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Arms Control

Volume 974: debated on Tuesday 27 November 1979

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asked the Secretary of State for Defence if he will seek to place on the agenda at the next meeting of NATO Defence Ministers the matter of the possible deployment of Pershing II missiles.

A meeting of NATO's Defence and Foreign Ministers to decide on the introduction of new long-range theatre nuclear forces and a parallel arms control approach to the Soviet Union is already planned for 12 December.

Will the right hon. Gentleman bear in mind that the speeches by President Brezhnev and Mr. Gromyko recently were no doubt seriously and sincerely meant? Rather than make a decision of this kind and run the disarmament talks in parallel, would it not be better to postpone this decision in order to give the Vienna talks the best possible hope of success, in accordance with the speeches that were made on our behalf at the United Nations' Special Session in New York?

As the hon. Gentleman knows, the talks in Vienna have been going on for a very long time. Naturally, we should like to see progress made there. So far it has been, and it is today, the view of the NATO Alliance that the modernisation programme has become necessary in view of what has occurred on the other side of the Iron Curtain. But that approach, which we shall consider next month, is, as the hon. Gentleman knows, coupled with an arms control approach. We shall consider both together because they are two sides of the same coin.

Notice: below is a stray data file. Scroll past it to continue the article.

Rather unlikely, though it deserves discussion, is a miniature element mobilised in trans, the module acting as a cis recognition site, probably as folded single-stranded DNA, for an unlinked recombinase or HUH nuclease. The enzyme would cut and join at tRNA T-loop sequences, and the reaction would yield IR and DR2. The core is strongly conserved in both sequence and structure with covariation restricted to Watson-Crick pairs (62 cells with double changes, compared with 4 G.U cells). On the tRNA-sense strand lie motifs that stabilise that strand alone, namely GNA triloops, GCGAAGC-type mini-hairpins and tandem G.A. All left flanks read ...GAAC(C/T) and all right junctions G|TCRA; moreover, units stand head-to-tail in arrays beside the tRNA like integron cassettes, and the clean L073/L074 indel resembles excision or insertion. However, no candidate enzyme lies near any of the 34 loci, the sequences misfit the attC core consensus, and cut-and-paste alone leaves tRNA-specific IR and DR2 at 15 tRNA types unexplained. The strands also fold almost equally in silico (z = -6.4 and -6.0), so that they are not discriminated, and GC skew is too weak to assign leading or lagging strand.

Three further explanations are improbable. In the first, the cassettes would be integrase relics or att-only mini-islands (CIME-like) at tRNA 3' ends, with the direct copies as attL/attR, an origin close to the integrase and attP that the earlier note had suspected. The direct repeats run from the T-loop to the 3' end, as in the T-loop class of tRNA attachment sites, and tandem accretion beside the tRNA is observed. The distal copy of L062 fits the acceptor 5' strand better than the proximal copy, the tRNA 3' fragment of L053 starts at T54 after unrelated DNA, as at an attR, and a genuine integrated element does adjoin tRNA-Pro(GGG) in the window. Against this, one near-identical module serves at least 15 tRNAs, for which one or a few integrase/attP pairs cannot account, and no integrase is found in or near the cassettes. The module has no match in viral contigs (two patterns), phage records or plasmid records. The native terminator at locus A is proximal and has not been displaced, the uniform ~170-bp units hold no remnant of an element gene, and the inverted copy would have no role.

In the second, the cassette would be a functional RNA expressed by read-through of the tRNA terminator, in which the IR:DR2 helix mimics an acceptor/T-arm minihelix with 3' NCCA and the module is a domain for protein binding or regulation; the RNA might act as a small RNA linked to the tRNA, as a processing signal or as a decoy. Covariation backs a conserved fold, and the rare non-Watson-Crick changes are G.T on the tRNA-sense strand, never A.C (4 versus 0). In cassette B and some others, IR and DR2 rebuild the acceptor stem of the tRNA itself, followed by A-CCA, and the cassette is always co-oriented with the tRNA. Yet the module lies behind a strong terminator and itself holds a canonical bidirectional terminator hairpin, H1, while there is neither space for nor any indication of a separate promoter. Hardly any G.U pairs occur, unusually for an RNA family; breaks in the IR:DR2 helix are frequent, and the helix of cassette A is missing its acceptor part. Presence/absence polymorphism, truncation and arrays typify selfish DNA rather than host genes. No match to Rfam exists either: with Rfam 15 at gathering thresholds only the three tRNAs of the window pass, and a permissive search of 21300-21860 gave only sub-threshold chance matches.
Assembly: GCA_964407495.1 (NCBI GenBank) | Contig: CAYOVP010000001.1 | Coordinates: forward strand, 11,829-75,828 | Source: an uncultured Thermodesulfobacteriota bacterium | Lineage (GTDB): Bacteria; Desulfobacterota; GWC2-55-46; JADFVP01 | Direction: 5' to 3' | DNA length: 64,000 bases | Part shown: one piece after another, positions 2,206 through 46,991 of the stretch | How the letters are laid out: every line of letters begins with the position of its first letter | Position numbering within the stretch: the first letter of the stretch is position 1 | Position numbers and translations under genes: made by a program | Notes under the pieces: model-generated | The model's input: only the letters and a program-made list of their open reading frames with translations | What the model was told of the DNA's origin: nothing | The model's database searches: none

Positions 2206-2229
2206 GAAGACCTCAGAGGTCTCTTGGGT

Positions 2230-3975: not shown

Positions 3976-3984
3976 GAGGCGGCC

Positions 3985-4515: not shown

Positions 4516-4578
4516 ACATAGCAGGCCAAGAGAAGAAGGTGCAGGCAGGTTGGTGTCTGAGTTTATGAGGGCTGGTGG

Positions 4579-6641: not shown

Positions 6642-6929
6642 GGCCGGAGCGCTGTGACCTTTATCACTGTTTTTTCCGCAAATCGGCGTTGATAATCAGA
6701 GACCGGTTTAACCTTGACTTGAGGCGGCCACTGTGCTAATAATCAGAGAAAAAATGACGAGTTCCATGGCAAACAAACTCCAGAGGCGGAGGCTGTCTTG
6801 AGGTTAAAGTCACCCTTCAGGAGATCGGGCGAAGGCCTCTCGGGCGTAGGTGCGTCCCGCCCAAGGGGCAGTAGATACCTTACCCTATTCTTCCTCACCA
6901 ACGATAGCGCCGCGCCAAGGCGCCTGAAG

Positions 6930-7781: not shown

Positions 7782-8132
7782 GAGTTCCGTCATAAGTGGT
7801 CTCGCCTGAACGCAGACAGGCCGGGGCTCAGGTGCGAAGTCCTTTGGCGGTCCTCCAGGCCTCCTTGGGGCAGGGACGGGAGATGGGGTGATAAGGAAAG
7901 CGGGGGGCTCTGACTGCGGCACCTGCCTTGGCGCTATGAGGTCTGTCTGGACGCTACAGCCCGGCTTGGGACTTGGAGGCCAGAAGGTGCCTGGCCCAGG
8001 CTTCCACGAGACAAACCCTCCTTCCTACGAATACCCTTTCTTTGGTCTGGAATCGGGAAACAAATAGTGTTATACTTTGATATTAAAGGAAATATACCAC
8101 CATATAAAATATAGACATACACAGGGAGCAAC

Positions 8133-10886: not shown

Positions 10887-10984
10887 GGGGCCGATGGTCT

As nuclear confrontation and tension can lead to war, certainly since the Americans have their finger on the button, will the Government try to end the proliferation of nuclear weapons by postponing, for 12 months at least, the decision on the new generation of Pershing and cruise missiles?

It is not the intention of the NATO Alliance to increase the extent to which reliance for deterrence lies upon the nuclear deterrent itself. It is a proportion of our capability, and the modernisation programme is not intended to increase it as a proportion.

Would it not help arms control negotiations, and the possible consideration of the modernisation of theatre nuclear weapons, if the Soviet Union were to make a meaningful offer to halt production of the SS20 and Backfire bomber and to withdraw those already deployed against this country and Western Europe?

I am grateful for what the hon. Gentleman has said, and the Government agree with him.

Is not the present position that with the SS20 the Soviet Union could hit any place in Europe, and that we have no means of hitting back by tactical nuclear weapons? Therefore, is not the modernisation of our weapons essential, and would not that give us a leverage towards SALT III, which most people want?

It is true that the Soviet Union has that capability. We also have a capability to strike them with theatre nuclear forces, but the contrast is that on the Warsaw Pact side they are modern and new and increasing in scale, whereas in our case they are ageing and in need of replacement.

Does the right hon. Gentleman recognise that even many committed supporters of NATO feel that the Government's response to Mr. Brezhnev's statement has been brusque, negative and lacking in any positive initiative? Will he indicate, if not to the House today, very soon and before 12 December in a full debate in Government time, what the Government's attitude is to containing the nuclear arms race and to positive measures of arms control and disarmament?

I am grateful for what the right hon. Gentleman has said. As he knows, I have raised this matter before, and I have also talked the matter over with my right hon. Friend the Leader of the House who will, I am sure, note the right hon. Gentleman's request.